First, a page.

Unlocking Your Mobile Phone Is No Longer Legal
Last week Wired Magazine reported:
Mobile phones purchased beginning Saturday can no longer be legally unlocked by U.S. consumers to enable them to work on different networks.
The reason, as we reported three months ago, was that the U.S. Copyright Office is no longer granting unlocking an exemption to the Digital Millennium Copyright Act. The DMCA makes it illegal to “circumvent a technological measure that effectively controls access” to copyrighted material, in this case software embedded in phones that controls carrier access.
But in all practicality, nothing will really change for consumers. Before unlocking was first exempted in 2006 and again in 2010, the carriers never sued individuals for unlocking their own phones, and they don’t plan to. And even when unlocking was exempted and allowed, the carriers and phone makers were successfully suing illicit businesses that bought throw-away phones by the thousands, unlocked them, and shipped them overseas.
Still, the changeover worries Mitch Stoltz, a copyright lawyer with the Electronic Frontier Foundation. That’s because now there’s nothing preventing the carriers from suing individuals and abandoning the practice of unlocking mobile phones for their customers.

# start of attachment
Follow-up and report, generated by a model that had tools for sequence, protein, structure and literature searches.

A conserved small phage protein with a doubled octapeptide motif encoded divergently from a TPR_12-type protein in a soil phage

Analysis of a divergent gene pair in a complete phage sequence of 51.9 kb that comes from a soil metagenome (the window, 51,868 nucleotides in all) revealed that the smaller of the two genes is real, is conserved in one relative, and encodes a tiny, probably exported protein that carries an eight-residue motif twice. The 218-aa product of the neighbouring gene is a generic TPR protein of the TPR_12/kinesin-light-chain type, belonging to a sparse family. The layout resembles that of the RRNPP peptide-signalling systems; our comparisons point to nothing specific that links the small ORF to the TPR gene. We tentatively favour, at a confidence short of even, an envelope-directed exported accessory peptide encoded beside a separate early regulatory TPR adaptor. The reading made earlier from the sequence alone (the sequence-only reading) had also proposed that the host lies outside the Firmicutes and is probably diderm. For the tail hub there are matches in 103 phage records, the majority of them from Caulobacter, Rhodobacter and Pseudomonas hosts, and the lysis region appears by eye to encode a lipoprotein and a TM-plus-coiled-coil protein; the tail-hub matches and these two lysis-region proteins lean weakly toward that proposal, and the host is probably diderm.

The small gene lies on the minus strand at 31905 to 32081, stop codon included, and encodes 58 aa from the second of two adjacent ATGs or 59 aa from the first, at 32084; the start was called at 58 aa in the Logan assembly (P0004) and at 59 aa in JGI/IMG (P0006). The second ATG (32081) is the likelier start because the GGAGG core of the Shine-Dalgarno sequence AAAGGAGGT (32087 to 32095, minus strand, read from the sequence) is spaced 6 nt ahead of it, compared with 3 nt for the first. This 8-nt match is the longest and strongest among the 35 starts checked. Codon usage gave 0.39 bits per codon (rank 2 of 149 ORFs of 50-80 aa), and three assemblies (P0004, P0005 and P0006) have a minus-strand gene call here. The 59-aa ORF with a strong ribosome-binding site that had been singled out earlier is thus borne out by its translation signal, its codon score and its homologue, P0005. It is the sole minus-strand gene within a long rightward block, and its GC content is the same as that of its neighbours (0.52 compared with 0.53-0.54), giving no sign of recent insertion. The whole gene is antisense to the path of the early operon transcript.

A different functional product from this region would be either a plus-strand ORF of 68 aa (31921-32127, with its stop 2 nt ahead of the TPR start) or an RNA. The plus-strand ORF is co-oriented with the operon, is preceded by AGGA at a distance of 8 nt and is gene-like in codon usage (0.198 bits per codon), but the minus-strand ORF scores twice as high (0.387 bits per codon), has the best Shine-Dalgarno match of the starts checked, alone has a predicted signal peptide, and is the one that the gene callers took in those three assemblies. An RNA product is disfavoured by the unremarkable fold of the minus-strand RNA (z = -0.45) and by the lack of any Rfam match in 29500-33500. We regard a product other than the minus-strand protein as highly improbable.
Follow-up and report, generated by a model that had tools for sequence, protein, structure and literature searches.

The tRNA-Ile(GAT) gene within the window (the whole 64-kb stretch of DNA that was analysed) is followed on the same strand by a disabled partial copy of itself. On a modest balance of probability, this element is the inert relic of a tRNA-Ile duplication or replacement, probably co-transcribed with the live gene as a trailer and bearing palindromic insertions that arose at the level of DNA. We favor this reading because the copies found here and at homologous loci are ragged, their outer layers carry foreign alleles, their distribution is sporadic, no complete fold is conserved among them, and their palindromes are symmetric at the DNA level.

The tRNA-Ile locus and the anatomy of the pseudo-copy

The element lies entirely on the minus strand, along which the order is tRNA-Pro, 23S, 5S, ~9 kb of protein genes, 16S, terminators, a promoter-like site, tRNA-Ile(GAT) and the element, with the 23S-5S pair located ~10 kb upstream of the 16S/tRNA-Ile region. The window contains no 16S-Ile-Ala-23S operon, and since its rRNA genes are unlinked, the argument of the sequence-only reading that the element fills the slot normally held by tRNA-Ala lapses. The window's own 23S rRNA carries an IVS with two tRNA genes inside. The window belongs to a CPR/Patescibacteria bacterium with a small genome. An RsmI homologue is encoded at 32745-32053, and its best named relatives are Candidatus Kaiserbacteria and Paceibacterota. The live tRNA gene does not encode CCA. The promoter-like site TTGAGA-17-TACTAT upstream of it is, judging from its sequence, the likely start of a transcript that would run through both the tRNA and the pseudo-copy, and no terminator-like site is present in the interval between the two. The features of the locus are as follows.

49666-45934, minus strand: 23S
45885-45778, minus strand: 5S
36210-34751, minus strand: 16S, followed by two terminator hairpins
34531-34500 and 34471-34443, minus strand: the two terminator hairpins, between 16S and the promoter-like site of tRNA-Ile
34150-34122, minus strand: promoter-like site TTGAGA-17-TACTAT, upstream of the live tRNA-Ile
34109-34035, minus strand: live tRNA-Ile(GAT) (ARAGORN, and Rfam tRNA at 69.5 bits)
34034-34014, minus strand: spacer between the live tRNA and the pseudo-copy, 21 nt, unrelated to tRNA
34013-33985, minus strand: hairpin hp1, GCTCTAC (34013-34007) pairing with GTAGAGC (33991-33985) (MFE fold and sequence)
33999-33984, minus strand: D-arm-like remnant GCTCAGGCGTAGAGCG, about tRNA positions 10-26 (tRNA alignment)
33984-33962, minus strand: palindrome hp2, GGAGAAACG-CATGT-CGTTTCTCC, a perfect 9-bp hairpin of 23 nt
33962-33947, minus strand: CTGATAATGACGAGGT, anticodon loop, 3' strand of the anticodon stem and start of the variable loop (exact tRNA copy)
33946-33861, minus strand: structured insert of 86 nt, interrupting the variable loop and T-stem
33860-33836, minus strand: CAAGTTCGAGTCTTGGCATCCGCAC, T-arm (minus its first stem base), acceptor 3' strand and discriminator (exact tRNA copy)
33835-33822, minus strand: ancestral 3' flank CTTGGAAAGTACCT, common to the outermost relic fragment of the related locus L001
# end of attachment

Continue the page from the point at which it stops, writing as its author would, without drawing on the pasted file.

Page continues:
“People will no longer have this solid shield created by the Copyright Office in the event they do get sued over this,” Stoltz said in a telephone interview.
The carriers, however, last year told the Copyright Office, which every three years reexamines exemptions to the DMCA, that it did not oppose individuals unlocking their phones. Many carriers provide the service today to individuals, and that won’t change.
In news especially important to our industry; ABC News reports:
"Violations of the DMCA [unlocking your phone] may be punished with a civil suit or, if the violation was done for commercial gain, it may be prosecuted as a criminal act," Brad Shear, a Washington, D.C.-area attorney and blogger who is an expert on social media and technology law, told ABC News. "A carrier may sue for actual damages or for statutory damages."
The worst-case scenario for an individual or civil offense could be as much as a $2,500 fine. As for those planning to profit off of the act or a criminal offense -- such as a cellphone reseller -- the fine could be as high as $500,000 and include prison time.
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Source: Wired.com and ABC News